Not all of the medication administration records (MAR’s) that we reviewed on the day of the inspection had people’s allergy status recorded on. However allergy status was documented on the front cover sheet of each person’s MAR chart. NICE guidance states that allergies should be recorded on MAR charts.

The home was adequa

Inspection carried out on 10 January 2014

During a routine inspection

During this inspection visit we have found that action has been taken to address the issues identified during the previous inspection visit that took place on the 27 September 2013. The outstanding compliance actions have now been met.

Inspection carried out on 27 September 2013

During a routine inspection

We did identify a registration issue during the inspection visit, the Care Quality Commission's IT system and website states that the home is registered to provide nursing care when in fact it is a care home that does not provide nursing. This will be followed up as a separate issue and has not had any effect on this inspection visit.

The people using the service who were able to tell us said that they were happy living in the home. Comments included; “I really like it here”, “I am happy here and the staff are looking after me.”

We also received wholly positive comments about the home from visiting relatives, comments included; “belting, cannot fault the place” and “they look after my family member marvellously.”

We spoke to a district nurse who was visiting patients in the home, she said, “staff are caring and are good at communicating with us. They always ask us for help and advice.”

The home had an adult protection procedure that was designed to ensure that any possible problems that arose were dealt with openly and people were protected from possible harm.

Action was needed to ensure that the premises had a suitable layout and were free from odours.

The staff training matrix which showed us that staff had received mandatory training in areas such as safeguarding and moving and handling.

Information about the safety and quality of service provided was gathered on a continuous and on-going basis.

Inspection carried out on 12 January 2013

During a routine inspection

We talked with six people using the service and relatives of two people living at Alexandra Grange care home. We also talked with the senior carer on duty who was in charge on the day of the inspection visit and we talked with the registered manager by telephone. People told us they were happy with the care and treatment provided at Alexandra Grange.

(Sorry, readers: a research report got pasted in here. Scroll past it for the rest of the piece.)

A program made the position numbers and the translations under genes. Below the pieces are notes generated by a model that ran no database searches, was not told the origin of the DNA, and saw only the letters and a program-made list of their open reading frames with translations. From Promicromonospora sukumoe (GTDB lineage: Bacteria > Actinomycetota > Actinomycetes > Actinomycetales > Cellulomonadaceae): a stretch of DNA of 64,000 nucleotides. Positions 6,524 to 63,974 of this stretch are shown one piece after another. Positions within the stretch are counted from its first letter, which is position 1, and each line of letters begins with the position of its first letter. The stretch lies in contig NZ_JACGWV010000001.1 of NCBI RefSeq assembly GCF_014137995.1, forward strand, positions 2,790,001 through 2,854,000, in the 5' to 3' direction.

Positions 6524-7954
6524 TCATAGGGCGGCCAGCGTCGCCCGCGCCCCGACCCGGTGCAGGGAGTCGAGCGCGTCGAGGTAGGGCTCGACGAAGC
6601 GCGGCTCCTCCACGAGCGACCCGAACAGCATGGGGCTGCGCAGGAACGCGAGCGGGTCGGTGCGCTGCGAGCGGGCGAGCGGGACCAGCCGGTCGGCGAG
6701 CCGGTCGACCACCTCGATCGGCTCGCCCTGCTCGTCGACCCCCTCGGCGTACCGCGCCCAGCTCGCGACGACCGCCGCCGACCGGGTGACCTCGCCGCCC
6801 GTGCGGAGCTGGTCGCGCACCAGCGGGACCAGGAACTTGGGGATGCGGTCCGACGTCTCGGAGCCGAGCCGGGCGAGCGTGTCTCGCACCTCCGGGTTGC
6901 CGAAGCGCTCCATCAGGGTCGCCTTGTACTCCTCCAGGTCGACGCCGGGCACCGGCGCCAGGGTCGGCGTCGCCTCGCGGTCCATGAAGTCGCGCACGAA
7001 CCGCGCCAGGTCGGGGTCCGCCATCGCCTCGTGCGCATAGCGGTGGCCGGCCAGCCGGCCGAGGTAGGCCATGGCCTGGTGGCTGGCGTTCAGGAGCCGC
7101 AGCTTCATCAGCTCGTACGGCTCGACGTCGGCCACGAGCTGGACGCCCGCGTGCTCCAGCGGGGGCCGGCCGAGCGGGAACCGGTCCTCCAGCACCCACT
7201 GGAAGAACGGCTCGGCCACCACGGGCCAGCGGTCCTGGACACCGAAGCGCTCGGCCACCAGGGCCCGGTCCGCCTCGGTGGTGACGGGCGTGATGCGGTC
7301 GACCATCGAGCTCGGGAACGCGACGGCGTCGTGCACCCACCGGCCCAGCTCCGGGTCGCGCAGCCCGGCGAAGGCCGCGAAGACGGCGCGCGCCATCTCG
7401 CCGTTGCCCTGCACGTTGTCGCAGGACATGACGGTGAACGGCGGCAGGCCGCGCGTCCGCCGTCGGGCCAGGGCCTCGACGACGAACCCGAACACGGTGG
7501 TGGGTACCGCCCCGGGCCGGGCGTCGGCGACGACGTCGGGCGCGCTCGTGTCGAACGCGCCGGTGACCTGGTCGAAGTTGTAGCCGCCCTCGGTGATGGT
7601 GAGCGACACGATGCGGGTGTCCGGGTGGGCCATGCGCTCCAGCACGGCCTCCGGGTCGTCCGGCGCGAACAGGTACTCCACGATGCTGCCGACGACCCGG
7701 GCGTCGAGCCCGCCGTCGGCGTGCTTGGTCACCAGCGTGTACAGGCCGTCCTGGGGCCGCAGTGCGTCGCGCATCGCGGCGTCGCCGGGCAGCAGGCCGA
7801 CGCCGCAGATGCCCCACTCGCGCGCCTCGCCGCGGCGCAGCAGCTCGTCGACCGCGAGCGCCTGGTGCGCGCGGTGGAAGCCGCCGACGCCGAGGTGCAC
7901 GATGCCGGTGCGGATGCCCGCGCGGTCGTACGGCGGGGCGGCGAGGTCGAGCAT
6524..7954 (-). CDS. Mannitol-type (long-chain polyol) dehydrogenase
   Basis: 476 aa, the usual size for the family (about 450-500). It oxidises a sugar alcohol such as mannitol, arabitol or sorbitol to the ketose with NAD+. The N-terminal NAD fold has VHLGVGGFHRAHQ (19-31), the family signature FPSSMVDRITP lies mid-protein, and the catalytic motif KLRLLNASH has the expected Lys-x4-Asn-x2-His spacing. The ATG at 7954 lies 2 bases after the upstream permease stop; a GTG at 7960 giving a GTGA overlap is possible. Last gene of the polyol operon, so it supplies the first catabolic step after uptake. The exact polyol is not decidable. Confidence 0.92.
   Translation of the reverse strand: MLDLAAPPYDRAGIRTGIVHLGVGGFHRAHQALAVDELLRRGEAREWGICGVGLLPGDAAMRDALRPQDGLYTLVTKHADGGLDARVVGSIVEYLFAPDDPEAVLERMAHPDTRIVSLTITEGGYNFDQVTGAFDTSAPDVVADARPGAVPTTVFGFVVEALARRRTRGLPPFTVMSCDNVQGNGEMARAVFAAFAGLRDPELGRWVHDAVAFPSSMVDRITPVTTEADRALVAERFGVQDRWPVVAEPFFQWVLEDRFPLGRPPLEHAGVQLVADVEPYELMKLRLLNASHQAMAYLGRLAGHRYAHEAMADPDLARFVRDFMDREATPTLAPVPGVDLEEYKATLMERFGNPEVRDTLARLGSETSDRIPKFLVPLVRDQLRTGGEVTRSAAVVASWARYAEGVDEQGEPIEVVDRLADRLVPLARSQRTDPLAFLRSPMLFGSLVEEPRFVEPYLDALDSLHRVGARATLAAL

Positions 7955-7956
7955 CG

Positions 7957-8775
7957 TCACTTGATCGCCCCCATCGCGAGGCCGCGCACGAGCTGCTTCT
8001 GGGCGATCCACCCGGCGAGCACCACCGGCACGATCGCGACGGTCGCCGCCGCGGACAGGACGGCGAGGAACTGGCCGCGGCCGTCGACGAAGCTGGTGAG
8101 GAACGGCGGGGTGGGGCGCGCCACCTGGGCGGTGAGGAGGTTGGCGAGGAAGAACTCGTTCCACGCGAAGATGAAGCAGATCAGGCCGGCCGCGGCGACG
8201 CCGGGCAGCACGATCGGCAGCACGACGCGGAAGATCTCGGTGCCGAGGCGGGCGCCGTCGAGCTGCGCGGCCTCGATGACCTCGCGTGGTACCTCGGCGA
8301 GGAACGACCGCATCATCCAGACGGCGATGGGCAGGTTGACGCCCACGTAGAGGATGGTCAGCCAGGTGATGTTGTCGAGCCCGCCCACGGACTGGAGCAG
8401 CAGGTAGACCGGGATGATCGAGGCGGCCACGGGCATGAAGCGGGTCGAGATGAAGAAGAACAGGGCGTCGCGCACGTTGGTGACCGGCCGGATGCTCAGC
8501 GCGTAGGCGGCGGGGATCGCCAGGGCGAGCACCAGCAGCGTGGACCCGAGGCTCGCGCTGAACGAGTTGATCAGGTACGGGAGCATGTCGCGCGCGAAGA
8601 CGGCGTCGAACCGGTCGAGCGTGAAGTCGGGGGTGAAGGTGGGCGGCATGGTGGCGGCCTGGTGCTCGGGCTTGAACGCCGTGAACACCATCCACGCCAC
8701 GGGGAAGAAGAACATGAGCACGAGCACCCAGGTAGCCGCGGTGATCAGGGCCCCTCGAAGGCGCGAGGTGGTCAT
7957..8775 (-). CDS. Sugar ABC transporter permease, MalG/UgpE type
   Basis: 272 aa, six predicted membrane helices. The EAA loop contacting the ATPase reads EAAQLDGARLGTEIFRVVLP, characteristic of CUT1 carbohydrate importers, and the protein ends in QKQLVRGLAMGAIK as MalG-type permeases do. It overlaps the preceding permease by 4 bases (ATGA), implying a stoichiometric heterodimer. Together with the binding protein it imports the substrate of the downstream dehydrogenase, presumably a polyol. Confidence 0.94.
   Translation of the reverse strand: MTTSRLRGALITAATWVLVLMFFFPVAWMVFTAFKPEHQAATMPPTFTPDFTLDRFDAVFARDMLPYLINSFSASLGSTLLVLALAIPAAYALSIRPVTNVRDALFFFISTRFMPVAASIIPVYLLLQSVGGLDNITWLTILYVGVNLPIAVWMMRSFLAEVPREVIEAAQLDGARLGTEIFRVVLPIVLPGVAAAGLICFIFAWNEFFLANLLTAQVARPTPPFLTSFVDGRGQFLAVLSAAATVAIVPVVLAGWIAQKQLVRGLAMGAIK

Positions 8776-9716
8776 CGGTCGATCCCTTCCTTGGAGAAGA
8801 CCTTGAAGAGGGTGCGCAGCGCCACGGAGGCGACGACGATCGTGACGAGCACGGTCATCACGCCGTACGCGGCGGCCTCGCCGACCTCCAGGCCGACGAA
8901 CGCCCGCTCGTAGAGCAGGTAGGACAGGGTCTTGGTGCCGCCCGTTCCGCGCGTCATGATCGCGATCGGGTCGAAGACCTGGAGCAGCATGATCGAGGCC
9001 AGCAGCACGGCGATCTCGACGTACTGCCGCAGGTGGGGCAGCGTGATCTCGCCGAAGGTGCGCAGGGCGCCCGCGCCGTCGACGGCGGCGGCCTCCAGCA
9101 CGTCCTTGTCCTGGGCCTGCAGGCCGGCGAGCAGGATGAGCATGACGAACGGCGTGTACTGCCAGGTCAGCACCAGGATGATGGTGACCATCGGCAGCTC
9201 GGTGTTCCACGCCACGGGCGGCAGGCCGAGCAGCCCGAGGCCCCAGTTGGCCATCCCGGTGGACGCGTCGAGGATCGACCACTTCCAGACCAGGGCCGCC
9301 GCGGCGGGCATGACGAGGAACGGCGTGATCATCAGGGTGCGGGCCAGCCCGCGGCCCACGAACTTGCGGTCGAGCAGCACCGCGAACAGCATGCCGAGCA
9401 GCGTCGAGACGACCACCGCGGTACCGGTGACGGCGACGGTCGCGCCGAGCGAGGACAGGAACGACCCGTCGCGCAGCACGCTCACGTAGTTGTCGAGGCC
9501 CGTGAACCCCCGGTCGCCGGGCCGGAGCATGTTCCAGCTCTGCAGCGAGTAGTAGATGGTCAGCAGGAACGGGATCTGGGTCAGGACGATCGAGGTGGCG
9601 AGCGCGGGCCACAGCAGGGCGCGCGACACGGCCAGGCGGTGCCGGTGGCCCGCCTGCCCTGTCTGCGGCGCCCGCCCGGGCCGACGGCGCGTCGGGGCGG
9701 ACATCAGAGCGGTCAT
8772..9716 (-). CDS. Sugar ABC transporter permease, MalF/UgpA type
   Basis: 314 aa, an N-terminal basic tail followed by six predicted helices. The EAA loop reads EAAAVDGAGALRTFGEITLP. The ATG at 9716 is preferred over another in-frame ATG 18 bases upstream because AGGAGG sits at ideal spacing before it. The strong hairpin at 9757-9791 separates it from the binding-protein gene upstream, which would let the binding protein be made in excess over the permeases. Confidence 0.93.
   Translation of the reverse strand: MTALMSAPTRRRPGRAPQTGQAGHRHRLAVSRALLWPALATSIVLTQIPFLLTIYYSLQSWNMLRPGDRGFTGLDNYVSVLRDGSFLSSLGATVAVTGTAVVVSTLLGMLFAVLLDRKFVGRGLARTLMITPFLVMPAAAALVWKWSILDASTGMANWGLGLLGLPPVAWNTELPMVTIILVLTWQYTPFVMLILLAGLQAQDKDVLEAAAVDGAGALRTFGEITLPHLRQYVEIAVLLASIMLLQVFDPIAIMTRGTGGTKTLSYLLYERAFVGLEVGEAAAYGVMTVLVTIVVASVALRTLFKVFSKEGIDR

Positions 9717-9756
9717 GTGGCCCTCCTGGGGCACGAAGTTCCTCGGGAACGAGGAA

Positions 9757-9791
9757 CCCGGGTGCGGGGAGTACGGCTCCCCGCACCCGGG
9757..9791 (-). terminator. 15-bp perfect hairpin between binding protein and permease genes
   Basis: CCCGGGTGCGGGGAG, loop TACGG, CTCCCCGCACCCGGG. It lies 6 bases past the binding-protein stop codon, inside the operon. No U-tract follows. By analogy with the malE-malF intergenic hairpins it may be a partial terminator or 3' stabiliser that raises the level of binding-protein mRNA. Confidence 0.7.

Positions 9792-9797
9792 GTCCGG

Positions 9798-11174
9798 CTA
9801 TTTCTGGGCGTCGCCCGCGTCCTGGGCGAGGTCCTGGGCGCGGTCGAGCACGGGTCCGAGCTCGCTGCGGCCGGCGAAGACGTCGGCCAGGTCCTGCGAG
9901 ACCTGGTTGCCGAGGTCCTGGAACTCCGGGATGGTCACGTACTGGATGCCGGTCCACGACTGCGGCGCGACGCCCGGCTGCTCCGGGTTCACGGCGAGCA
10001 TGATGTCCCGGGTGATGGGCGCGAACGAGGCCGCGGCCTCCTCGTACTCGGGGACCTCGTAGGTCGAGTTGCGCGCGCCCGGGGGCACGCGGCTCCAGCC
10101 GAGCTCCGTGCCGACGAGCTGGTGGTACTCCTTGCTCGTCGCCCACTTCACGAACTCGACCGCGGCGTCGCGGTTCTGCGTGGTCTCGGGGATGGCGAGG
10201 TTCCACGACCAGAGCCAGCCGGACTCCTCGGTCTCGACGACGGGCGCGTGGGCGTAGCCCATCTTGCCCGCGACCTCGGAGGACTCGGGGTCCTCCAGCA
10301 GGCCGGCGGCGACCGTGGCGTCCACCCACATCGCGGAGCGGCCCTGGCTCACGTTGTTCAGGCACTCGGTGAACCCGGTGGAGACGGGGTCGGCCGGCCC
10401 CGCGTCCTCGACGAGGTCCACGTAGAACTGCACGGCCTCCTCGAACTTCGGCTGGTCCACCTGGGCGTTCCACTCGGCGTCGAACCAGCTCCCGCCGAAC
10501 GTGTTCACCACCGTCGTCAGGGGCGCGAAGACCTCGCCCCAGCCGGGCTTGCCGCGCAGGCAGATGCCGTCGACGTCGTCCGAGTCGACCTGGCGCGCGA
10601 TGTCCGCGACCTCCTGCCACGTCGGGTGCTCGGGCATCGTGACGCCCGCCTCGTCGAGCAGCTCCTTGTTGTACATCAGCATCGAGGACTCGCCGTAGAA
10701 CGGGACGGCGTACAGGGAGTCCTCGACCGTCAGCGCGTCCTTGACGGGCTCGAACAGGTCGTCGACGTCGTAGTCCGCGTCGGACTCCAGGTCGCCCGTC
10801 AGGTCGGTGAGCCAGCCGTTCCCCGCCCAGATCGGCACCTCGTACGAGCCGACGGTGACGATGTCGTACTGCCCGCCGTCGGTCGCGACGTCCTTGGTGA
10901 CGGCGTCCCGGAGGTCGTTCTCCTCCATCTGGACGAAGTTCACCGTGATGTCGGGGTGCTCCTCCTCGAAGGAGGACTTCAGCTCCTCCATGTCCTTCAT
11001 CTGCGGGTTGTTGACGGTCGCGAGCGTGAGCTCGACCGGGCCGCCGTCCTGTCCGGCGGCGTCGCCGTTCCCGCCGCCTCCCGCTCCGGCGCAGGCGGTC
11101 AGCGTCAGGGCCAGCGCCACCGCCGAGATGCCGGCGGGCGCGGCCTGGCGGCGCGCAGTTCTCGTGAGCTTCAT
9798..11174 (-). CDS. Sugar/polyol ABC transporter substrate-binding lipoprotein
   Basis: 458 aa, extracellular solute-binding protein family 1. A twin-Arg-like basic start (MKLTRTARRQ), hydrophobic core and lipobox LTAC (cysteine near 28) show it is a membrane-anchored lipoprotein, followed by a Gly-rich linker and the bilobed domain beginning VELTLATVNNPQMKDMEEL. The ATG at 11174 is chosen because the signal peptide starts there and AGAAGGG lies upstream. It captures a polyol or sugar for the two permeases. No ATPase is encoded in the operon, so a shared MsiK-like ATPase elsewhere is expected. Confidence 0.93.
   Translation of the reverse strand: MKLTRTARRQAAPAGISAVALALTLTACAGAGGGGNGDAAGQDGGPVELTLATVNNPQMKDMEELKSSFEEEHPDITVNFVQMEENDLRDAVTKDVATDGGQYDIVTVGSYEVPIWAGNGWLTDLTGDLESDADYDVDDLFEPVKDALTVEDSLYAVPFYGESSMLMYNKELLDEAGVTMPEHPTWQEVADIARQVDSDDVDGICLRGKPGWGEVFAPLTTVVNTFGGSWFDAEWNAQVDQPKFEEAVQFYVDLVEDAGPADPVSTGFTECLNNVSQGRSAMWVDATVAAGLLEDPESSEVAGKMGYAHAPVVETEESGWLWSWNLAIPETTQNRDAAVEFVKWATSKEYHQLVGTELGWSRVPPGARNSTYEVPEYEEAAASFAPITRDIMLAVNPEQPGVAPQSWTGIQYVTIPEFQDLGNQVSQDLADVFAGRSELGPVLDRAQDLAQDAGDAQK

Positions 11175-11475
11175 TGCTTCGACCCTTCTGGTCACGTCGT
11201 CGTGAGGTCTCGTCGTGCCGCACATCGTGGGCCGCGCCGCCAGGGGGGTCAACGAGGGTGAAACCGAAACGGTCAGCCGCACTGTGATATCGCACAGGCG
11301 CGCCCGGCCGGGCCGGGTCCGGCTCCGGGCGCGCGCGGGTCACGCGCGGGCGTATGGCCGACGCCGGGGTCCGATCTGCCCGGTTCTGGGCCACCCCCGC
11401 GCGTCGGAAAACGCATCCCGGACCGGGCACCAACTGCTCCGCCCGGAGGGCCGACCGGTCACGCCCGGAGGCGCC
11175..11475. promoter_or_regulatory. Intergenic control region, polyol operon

People who used the service told us the care provided met their needs. They said:

“It’s alright, jolly good really.”

And

“I find it great, I enjoy being here.”

Relatives also felt that the service met the needs of people who used services. We were told:

“My (relative) is in a much better position than when they came in.”

And

“There’s good liaison and they do come into (my relatives) room to provide care.”

People also made general statements about living at Alexandra Grange.

A person who used the service told us:

“There are a lot of really poorly people here who I think are well cared for.”

A relative told us:

“The staff are very, very friendly. When (my relative) came back from hospital staff were prompt in welcoming them back and dealing with any immediate needs. It’s a nice place and they respect my relatives’ wishes.”

We observed that people who used the service were provided with support that met their personal, physical, emotional, and recreational needs.

We found that more action was needed to ensure that the premises was free from preventable and offensive odours.

Inspection carried out on 16 November 2011

During a routine inspection

The staff and visitors we spoke with told us that the manager was very approachable and were confident that she would deal with any issues they had.

Staff told us that the training was good.

Staff told us that the manager is very supportive.

Relatives told us: “The carers are brilliant”.

People told us that they were satisfied with their rooms.

People told us that they were happy living at the home.